A couple of years ago, my husband and I were "encouraging" S to do more and more for himself. He felt we were just nagging him. We tried explaining to him that we were asking him to do things that other teens were doing for themselves, and he needed to do these things in preparation of living on his own someday.
To give him a visual of what we were trying to accomplish, we made a chart that we call "The Four Pillars of Life". They represent physical, educational, financial, and spiritual skills that we feel he needs in his life to start out on his own. This list is created for him based upon his needs. We have a similar list for J, but it has skills that are pertinent to his needs.
a. Getting ready in a timely fashion: Whether it is his CP or ADD or a combination of the two, S can take up to 2 hours to get ready in the morning. That is not a reasonable amount of time especially when we know he can get ready in 45 minutes if he puts his mind to it. Still working on this step.
b. Setting time aside to stretch: Stretching is critical for S. He needs to do it every day, at least once a day if not twice, especially since he has been exited from PT. Some weeks he is better than others about doing this. He knows it helps him. Still working on this step.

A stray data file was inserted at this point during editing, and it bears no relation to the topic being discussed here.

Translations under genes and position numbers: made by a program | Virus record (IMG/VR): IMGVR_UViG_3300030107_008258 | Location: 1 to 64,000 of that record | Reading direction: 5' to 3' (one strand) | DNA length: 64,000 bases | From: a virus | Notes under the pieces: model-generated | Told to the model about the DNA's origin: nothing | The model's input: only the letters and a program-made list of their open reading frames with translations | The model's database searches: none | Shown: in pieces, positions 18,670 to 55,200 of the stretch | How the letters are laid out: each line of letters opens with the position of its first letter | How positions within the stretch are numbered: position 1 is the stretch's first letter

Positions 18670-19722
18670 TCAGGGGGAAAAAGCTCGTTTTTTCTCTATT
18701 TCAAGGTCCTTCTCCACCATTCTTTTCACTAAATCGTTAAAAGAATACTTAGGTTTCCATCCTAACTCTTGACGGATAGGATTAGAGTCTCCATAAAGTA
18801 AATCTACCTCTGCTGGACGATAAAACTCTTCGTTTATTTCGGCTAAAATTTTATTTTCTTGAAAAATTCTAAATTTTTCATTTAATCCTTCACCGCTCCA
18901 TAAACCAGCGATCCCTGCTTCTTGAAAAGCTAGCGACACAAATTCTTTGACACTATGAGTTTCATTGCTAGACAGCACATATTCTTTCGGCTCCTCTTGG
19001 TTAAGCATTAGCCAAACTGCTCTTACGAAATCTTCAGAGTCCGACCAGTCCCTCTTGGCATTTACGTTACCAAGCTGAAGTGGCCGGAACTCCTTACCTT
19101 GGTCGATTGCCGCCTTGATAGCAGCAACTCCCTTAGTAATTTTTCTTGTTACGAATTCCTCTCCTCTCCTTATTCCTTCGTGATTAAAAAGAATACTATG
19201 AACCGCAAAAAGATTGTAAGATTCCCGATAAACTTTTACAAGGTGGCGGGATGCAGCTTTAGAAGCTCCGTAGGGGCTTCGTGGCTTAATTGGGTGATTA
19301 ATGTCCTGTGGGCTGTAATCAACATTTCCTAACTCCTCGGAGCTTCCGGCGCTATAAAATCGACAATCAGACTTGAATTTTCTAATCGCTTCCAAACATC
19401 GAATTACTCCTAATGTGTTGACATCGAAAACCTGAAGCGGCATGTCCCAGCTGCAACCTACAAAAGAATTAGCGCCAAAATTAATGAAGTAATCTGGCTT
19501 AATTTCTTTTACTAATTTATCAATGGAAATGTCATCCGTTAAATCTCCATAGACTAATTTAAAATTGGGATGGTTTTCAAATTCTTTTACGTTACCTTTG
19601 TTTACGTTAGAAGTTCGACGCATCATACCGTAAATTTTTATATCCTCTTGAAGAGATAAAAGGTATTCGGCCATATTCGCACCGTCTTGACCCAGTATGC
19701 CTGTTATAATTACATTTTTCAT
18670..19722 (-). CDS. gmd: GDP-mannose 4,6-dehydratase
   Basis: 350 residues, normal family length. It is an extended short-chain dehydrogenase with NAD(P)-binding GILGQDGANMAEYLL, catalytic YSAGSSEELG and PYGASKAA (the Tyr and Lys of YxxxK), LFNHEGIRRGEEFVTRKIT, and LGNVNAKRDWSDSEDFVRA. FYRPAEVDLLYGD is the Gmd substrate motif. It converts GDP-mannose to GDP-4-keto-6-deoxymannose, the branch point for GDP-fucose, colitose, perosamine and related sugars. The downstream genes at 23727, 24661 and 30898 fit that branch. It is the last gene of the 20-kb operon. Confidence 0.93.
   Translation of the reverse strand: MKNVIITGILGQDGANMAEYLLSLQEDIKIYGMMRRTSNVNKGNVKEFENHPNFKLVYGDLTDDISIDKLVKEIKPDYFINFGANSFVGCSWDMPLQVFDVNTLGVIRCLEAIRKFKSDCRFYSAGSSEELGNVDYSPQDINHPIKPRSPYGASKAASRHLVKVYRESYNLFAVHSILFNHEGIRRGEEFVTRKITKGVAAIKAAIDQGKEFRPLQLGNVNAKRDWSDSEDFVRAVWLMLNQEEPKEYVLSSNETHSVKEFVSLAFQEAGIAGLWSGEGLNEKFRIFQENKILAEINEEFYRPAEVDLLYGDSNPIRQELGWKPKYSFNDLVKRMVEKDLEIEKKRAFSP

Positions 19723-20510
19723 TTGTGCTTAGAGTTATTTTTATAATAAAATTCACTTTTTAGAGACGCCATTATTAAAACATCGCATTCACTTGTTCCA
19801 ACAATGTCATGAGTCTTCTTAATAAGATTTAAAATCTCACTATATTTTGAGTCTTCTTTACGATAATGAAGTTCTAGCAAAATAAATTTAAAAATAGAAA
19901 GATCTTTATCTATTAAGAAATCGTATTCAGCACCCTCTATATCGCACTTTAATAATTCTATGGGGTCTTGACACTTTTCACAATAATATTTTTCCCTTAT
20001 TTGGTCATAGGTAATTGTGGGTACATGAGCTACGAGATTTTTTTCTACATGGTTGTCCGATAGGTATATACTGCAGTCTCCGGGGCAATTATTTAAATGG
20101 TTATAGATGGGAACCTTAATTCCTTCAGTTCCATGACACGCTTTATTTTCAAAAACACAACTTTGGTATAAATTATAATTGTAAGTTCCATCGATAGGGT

c. Physical activity: S needs to be active just like we all do. He enjoys doing Wii Boxing. He also likes to be in the water. He rides horse during the school year (it's too hot in the summer). He enjoys adaptive snow skiing. We have tried doing Pilates and yoga stretching. The yoga is easier for him than Pilates. Still working on this step (aren't we all?).
d. Create a Stretching playlist: We told him to create a playlist to listen to while he stretches. He knows that after 4-5 songs he should be done stretching. He loves listening to music! DONE!!
e. Eat correctly: S is very good about eating foods that are healthy for him. One issue he has is that he will "forget" to eat if he is playing on the computer, listening to music, watching History programs, etc. In the past, he would skip meals because his Concerta suppressed his appetite. In the past few years, we started a split dosage of his Concerta, and it helped with his eating. We are still working on eating at reasonable times (it's a teen thing). Still working on this step.
f. Water intake: S knows he needs to drink water to help keep his body healthy; however, we are working with him to drink it throughout the day. He has been known to go the whole day without drinking water and having minimal other liquids during the day. When it is time for bed, he wants to have all of his water intake at that point. We have tried telling him that he is not a camel. He is getting better. Helpful tools for this include the 24 oz. Tervis Tumbler with a handle. He can carry this with his crutches. The Tervis Tumbler water bottle with the screw-on top is also good. He can hook his finger through it or stick it in his bag. Still working on this step.